The Magazine

Ring's Inner Circle

Refurbishing the house that Richard Wagner built.

May 11, 2009, Vol. 14, No. 32 • By ALGIS VALIUNAS
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So Wagner elevates his heroes and heroines still higher than his noble artistic predecessors did, to the plane of the superhuman. Lohengrin in the 1850 opera of that name is an ideal knight who appears from nowhere in a boat pulled by a swan to save a damsel in distress, and his chivalric prowess proves to be the work of the Holy Grail's sacred magic--music of what Thomas Mann called a silver-blue hue evokes shining manly virtue and fateful love.

In Tristan und Isolde (1865) the nonpareil knight and the Irish princess drink a love potion that launches them into transports exceeding by far not only the hottest operatic passions of other composers but, indeed, the known bounds of human longing. Death alone can rightfully consummate such desire, and Isolde's climactic Liebestod, as she joins her slain lover in night's kingdom, is music of incomparable, harrowing rapture.

In the Ring (1869-1876), Siegfried, the human grandson of the supreme god Wotan, literally does not know what fear is, slays the dragon Fafner guarding the hoard of gold that represents the moral tribulation of gods and men and dwarfish Nibelungs, wins the love of Wotan's disowned daughter Brünnhilde by plunging through the wall of magic fire with which her father surrounded her, and is murdered by a treacherous spear thrust in the back, earning a funeral march as majestic in its keening as that in Beethoven's Eroica Symphony.

The eponymous hero of Parsifal (1882), "a pure fool, knowing through compassion," resists the seduction of the immemorial temptress Kundry, who has woefully roamed the earth in various incarnations since mocking Christ on the via dolorosa, and foils the evil wizardry of Klingsor, a renegade knight of the Grail, catching in mid-air the spear that Klingsor hurls at him and that had once pierced Christ's side, and making the sign of the cross with it. Parsifal's rule revives the moribund Order of the Grail, and the opera--which Wagner declared was not an opera at all but a "stage-consecrating festival play"--ends with the elevation of the Grail, the chalice that was used at the Last Supper and into which Christ's blood flowed when He was on the cross, to music that answers the human cry for the numinous with a heart-wringing imperious warmth.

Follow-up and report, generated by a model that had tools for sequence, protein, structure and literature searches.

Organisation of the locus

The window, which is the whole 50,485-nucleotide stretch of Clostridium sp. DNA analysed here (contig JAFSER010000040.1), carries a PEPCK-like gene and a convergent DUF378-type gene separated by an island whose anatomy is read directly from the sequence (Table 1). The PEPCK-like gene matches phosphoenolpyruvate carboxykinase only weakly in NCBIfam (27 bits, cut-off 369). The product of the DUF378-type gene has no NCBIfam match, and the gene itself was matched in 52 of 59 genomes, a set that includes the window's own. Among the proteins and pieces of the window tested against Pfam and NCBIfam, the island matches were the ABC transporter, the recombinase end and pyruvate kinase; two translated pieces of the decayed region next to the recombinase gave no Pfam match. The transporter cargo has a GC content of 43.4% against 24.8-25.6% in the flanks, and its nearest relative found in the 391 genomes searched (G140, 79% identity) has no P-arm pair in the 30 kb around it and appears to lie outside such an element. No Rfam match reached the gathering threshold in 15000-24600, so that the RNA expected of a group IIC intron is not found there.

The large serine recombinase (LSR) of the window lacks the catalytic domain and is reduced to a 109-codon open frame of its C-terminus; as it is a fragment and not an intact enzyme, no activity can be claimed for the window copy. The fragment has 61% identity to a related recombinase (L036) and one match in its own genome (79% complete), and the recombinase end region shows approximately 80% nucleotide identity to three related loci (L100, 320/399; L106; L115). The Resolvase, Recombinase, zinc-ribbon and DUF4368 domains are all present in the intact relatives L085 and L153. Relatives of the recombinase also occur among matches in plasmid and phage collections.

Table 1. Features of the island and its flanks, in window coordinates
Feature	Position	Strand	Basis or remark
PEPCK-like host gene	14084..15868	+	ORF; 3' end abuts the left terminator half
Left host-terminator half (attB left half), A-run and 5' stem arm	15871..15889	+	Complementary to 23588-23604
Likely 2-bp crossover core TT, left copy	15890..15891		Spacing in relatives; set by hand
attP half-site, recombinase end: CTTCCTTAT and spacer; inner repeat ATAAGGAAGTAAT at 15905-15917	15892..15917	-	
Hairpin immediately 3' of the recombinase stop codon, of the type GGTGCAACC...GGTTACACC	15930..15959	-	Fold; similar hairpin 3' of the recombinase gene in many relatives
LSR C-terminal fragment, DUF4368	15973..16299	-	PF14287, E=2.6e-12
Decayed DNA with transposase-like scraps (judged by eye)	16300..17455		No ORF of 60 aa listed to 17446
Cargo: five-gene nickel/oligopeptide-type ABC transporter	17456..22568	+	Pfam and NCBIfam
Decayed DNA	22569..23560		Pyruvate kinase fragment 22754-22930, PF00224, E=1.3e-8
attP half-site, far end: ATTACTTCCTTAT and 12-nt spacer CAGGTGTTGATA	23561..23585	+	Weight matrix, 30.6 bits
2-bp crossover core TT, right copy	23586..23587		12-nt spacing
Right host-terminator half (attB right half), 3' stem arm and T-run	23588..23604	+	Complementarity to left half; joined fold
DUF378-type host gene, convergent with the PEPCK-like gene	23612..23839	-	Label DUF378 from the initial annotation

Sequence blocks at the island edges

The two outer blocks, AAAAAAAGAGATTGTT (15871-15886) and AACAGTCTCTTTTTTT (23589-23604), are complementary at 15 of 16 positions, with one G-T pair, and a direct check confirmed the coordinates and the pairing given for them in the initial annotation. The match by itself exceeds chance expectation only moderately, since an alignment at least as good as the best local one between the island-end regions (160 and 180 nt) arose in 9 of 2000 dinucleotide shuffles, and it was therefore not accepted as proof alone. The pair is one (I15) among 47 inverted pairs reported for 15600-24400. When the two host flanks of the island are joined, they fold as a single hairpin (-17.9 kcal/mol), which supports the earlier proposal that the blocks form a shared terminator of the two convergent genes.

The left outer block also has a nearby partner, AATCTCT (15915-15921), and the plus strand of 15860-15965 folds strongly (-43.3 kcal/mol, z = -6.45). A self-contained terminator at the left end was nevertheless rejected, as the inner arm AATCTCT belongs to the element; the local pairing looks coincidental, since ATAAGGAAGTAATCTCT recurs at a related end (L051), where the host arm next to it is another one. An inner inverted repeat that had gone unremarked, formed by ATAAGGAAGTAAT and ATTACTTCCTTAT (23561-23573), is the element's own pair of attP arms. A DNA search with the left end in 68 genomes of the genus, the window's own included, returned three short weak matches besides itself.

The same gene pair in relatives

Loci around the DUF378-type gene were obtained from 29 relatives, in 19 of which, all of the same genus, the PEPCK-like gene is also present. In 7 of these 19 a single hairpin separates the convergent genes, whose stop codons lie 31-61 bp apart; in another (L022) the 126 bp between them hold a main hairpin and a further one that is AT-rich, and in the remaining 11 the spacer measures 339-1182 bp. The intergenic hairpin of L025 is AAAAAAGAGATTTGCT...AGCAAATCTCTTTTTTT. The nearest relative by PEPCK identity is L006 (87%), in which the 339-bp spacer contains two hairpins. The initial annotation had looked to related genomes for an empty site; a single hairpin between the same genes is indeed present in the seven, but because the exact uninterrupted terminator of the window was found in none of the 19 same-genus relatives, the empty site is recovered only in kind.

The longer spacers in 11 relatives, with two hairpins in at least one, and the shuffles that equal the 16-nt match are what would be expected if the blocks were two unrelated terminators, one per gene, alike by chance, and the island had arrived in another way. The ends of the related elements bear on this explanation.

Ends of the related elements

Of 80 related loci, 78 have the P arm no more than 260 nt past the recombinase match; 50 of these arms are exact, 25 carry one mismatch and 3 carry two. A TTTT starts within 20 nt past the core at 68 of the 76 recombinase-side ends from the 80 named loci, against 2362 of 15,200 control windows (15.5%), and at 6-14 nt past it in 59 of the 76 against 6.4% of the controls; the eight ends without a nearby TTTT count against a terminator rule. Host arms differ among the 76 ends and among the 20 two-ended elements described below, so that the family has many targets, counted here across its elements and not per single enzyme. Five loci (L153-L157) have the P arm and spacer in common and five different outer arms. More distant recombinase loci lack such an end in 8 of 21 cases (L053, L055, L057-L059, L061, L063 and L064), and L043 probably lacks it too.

That so illustrious an artist as
Wagner should be a moral imbecile is not a unique turn of events, but it is a profoundly disheartening one. Wagner was a very public Jew-hater, and his anti-Semitism was so intense and pervasive that it appears to have leached into his best operas. His most defensive defenders squirm every which way to deny it, but it is pretty well undeniable that villains such as Kundry, Alberich, and Mime in the Ring, and Beckmesser in Die Meistersinger, are Jewish caricatures.

The origins of Wagner's hatred bubble in the usual darkness. Poverty early in his career did not prevent him from indulging expensive tastes, and the need to borrow money led him to "Jewish scum" when "our people" failed to extend him credit. His resentment of the moneylenders and pawnbrokers was outdone, however, by his hatred for Giacomo Meyerbeer, the titanically successful operatic composer whom he imitated in the 1847 Rienzi, whose support he importuned and received, and whom he repudiated in a letter to Robert Schumann as "a source whose very smell I find repulsive."

In his 1850 pamphlet Jewishness in Music, written to settle Meyerbeer's hash, Wagner derided the "gurgle, yodel, and cackle" of Hebrew sacred song, compared the effect of "Judaic works of music" to that of a Goethe poem rendered in Yiddish, and adjudged Jewish attempts to make art as issuing in "coldness and indifference, even to the point of triviality and absurdity." His own success did not mellow him; the swamp fever only got worse with age. The so-called "regeneration" essays he wrote late in life, Carr declares,

railed against Jewish influence in the press, scorned state moves to bring about full Jewish emancipation, and even called Jews "the plastic demon of the decline of mankind." It is hard to be sure just what he meant by "plastic demon," but it sounds pretty dreadful and that, no doubt, was the main thing.

In private he was even more malignant: His wife Cosima (1837-1930) records in her notorious diary that, in 1881 at a performance of Lessing's rather preachy play advocating tolerance toward the Jews, Nathan the Wise, Wagner said jocularly that such a performance would be just the occasion to round the Jews up and burn them all.